i) From 63 to 37 before Christ: A popular revolt without any clear direction. In 63 before Christ, the Roman Empire invaded Palestine and imposed a peasant tribute. From 57 to 37, in just 20 years, six rebellions broke out in Galilee! The people, aimless, followed anyone who promised to liberate them from the Roman tribute.
ii) From 37 to 4 before Christ: Repression and dislocation. This is the time of the government of Herod, called The Great. He is the one who killed the innocents in Bethlehem (Mt 2:16). Brutal repression prevented any kind of popular manifestation. Herod thus promoted the so-called Pax Romana. This peace gave the Empire a certain economic stability, but for the oppressed people it was the peace of a cemetery.
iii) From 4 to 6 after Christ: Messianic revolutions. This is the period of Archelaus’ government in Judea. On the day he took power, he massacred 3000 persons in the Temple square. The revolution exploded all over the country, but it was aimless. The popular leaders at this time were seeking for motives connected with ancient tradition and presented themselves as messianic kings. The Roman repression destroyed Seforis, the capital of Galilee. Violence was the mark of Jesus’ childhood. In the ten years of Archelaus’ government, he saw Palestine go through one of the most violent periods of its history.
iv) From 6 to 27: Zeal for the law: A time for revision. In the year 6, Romolus deposed Archelaus and transformed Judea into a Roman Province, decreeing a census so as to make sure that the tribute was paid. The census produced a strong popular reaction inspired by Zeal for the Law. This Zeal (hence the term zealots) urged people to boycott and not pay the tribute. This was a new form of resistance, a kind of civil disobedience that spread like a repressed fire under embers. However, Zeal had a limited vision. The "zealots" ran the danger of reducing the observance of the Law to opposition to the Romans. It was precisely during this period that Jesus grew in awareness of his mission.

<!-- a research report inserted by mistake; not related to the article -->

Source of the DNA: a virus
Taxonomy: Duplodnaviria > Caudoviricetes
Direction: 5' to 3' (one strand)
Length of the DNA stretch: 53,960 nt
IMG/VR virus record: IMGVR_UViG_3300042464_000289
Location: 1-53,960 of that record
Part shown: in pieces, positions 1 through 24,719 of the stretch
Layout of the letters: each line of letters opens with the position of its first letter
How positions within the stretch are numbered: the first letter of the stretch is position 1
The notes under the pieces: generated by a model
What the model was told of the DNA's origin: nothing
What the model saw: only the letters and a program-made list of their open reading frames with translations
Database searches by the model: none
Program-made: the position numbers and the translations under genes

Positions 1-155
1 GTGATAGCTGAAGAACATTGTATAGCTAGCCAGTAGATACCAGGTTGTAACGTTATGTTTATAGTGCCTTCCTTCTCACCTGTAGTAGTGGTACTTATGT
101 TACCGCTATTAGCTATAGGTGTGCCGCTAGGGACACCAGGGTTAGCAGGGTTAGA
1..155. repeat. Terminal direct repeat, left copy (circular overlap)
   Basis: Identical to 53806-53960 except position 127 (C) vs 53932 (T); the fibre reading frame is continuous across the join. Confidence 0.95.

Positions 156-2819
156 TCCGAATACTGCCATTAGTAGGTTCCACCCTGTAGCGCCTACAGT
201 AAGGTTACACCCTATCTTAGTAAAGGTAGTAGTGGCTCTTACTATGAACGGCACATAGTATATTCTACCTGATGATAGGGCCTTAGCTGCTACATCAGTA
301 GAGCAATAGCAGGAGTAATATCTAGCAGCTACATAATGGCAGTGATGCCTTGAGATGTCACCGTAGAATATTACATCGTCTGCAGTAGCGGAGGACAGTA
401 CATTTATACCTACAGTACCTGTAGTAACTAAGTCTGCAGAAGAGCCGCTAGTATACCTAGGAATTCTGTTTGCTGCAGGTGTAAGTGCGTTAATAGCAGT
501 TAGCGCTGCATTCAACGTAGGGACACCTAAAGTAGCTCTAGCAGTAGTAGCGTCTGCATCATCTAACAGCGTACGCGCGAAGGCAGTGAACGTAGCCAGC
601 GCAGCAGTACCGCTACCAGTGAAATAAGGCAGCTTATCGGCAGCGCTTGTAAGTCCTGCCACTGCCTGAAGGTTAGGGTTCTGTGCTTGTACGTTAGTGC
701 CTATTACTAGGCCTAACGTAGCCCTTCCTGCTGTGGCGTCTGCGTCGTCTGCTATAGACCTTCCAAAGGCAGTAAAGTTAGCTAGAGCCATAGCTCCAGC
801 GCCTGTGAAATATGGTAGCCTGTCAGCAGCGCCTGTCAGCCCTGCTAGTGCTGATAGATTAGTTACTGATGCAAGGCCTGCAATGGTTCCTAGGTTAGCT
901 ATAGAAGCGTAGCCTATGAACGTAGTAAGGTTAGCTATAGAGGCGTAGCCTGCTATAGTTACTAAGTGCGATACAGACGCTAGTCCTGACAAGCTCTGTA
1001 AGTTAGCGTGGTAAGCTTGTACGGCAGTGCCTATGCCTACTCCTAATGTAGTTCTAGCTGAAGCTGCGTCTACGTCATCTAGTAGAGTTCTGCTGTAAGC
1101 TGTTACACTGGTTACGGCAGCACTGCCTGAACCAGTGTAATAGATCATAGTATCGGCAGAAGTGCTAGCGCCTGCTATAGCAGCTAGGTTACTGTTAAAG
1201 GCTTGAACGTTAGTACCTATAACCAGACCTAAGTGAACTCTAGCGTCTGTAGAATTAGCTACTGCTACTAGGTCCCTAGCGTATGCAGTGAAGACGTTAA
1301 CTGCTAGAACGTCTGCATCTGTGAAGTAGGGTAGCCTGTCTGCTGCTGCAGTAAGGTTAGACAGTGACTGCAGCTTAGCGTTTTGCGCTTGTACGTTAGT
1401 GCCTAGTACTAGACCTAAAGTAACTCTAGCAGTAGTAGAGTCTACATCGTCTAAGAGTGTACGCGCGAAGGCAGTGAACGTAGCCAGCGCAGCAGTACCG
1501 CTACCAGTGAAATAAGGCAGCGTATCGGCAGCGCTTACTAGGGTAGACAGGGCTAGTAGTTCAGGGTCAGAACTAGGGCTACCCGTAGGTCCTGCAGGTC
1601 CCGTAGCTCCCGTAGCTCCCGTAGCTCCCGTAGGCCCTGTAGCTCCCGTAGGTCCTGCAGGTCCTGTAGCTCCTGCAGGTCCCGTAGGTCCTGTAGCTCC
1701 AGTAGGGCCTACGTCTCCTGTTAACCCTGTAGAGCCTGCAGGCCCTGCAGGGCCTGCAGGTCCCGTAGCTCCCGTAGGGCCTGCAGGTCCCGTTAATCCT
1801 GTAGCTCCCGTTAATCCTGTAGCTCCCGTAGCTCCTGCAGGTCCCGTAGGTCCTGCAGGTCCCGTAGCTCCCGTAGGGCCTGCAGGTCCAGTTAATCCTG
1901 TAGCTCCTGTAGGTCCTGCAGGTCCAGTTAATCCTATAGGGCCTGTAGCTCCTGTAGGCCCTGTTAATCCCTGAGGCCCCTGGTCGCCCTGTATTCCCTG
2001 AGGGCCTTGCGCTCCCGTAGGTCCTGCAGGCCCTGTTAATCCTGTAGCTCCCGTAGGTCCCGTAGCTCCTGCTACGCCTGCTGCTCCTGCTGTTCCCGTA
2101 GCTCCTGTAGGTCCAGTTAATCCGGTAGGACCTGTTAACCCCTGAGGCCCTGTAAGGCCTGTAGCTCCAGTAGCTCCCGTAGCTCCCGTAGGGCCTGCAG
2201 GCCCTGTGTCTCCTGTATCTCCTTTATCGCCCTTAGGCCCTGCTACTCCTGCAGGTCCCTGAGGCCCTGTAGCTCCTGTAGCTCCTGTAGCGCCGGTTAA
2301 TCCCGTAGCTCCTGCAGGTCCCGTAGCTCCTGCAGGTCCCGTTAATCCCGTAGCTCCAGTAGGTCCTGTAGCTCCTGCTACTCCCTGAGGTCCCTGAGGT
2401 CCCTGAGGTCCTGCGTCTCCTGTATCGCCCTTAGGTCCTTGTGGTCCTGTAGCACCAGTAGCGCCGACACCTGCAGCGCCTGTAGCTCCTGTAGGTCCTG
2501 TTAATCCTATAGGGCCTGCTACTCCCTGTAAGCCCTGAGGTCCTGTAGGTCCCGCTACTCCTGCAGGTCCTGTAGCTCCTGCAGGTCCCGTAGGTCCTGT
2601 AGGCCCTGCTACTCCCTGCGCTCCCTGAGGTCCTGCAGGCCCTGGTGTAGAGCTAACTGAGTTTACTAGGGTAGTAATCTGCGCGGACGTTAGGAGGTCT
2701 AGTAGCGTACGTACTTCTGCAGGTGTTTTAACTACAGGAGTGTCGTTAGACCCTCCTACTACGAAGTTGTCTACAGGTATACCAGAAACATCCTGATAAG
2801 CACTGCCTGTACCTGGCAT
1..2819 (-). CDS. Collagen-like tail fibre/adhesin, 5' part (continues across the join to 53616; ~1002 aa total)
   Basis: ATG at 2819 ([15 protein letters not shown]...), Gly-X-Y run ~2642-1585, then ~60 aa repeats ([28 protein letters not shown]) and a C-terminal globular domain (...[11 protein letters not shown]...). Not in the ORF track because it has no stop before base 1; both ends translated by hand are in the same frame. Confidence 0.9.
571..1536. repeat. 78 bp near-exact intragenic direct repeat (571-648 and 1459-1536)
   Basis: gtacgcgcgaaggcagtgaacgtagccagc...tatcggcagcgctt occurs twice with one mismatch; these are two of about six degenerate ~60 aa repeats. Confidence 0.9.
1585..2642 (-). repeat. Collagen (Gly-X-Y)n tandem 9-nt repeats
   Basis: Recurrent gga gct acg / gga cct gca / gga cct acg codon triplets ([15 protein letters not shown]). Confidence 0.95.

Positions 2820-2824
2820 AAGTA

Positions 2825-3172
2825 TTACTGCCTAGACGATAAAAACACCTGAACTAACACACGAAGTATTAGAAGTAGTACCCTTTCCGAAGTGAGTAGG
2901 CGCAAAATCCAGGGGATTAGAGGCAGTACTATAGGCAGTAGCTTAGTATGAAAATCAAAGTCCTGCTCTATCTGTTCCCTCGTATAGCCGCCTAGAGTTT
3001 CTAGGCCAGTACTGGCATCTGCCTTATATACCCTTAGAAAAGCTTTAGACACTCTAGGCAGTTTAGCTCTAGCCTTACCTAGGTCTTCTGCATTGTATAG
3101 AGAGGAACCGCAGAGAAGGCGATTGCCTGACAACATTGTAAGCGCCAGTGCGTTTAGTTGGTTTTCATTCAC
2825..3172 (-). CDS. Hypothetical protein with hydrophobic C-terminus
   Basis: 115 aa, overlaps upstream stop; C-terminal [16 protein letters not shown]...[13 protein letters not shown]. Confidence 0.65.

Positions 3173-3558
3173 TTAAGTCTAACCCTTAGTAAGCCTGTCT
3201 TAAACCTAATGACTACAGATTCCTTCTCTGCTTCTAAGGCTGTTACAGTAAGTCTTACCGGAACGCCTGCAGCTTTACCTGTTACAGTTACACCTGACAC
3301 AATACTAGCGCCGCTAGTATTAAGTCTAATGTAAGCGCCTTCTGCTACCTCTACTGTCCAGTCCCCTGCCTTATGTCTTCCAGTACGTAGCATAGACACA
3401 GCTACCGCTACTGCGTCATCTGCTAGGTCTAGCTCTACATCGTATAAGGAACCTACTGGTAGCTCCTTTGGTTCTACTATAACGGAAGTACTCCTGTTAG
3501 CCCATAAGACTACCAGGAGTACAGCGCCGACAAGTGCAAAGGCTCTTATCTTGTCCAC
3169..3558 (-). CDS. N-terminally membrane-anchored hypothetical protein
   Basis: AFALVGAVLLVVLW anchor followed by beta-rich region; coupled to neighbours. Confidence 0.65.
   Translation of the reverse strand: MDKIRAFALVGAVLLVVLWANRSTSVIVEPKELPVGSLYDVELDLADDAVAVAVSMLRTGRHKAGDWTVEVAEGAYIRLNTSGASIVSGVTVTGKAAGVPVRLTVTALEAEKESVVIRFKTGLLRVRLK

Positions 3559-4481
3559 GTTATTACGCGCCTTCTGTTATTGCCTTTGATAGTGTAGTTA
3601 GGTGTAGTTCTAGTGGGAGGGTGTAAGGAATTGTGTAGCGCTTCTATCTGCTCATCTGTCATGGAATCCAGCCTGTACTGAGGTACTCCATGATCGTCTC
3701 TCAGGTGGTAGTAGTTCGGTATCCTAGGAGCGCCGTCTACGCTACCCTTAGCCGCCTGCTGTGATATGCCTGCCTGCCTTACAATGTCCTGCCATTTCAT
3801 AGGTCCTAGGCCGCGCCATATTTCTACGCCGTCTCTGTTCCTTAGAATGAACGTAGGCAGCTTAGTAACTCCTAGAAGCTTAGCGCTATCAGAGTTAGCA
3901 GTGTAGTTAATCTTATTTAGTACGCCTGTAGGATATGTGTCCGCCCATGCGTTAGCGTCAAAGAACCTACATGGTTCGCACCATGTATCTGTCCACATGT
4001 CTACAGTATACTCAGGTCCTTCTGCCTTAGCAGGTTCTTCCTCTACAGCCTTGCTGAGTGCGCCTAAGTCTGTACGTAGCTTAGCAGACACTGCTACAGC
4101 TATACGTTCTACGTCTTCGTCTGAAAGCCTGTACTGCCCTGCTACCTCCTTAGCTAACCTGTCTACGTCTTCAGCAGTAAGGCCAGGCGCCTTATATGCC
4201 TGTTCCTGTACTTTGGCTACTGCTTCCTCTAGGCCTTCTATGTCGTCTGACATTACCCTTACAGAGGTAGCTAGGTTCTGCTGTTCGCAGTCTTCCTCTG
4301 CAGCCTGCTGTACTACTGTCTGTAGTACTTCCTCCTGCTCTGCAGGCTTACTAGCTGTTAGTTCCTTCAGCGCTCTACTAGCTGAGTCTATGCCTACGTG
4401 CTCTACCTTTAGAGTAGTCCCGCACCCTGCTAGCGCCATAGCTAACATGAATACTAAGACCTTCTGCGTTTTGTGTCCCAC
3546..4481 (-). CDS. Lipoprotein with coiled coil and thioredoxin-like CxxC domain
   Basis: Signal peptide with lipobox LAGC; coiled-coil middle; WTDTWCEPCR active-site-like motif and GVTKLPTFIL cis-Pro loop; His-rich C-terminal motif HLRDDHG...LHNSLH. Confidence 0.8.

v) From 27 to 69: The prophets reappear. After these 20 years, from 6 to 26, the revision of the aim of the journey appears with the preaching of the prophets who represented a step forward in the popular movement. The prophets called the people together and invited them to conversion and change. They wanted to reform history from its origins. They gathered the people in the desert (Mk 1:4), to begin a new exodus, proclaimed by Isaiah (Is 43:16-21). The first was John the Baptist (Mt 11:9; 14:5; Lk 1:76), who drew many people (Mt 3:5-7). Soon after, Jesus came on the scene and was considered by the people to be a prophet (Mt 16:14; 21:11.46; Lk 7:16). Jesus, like Moses, proclaimed the New Law on the Mountain (Mt 5:1) and nourished the people in the desert (Mk 6:30-44). Like the fall of the walls of Jericho towards the end of the forty years in the desert (Is 6: 20), so also Jesus proclaimed the fall of the walls of Jerusalem (Lk 19: 44; Mt 24:2). Like the prophets of old, Jesus proclaimed the liberation of the oppressed and the beginning of a new jubilee year (Lk 4:18-19), and asked for a change in the way of life (Mk 1:15; Lk 13:3.5).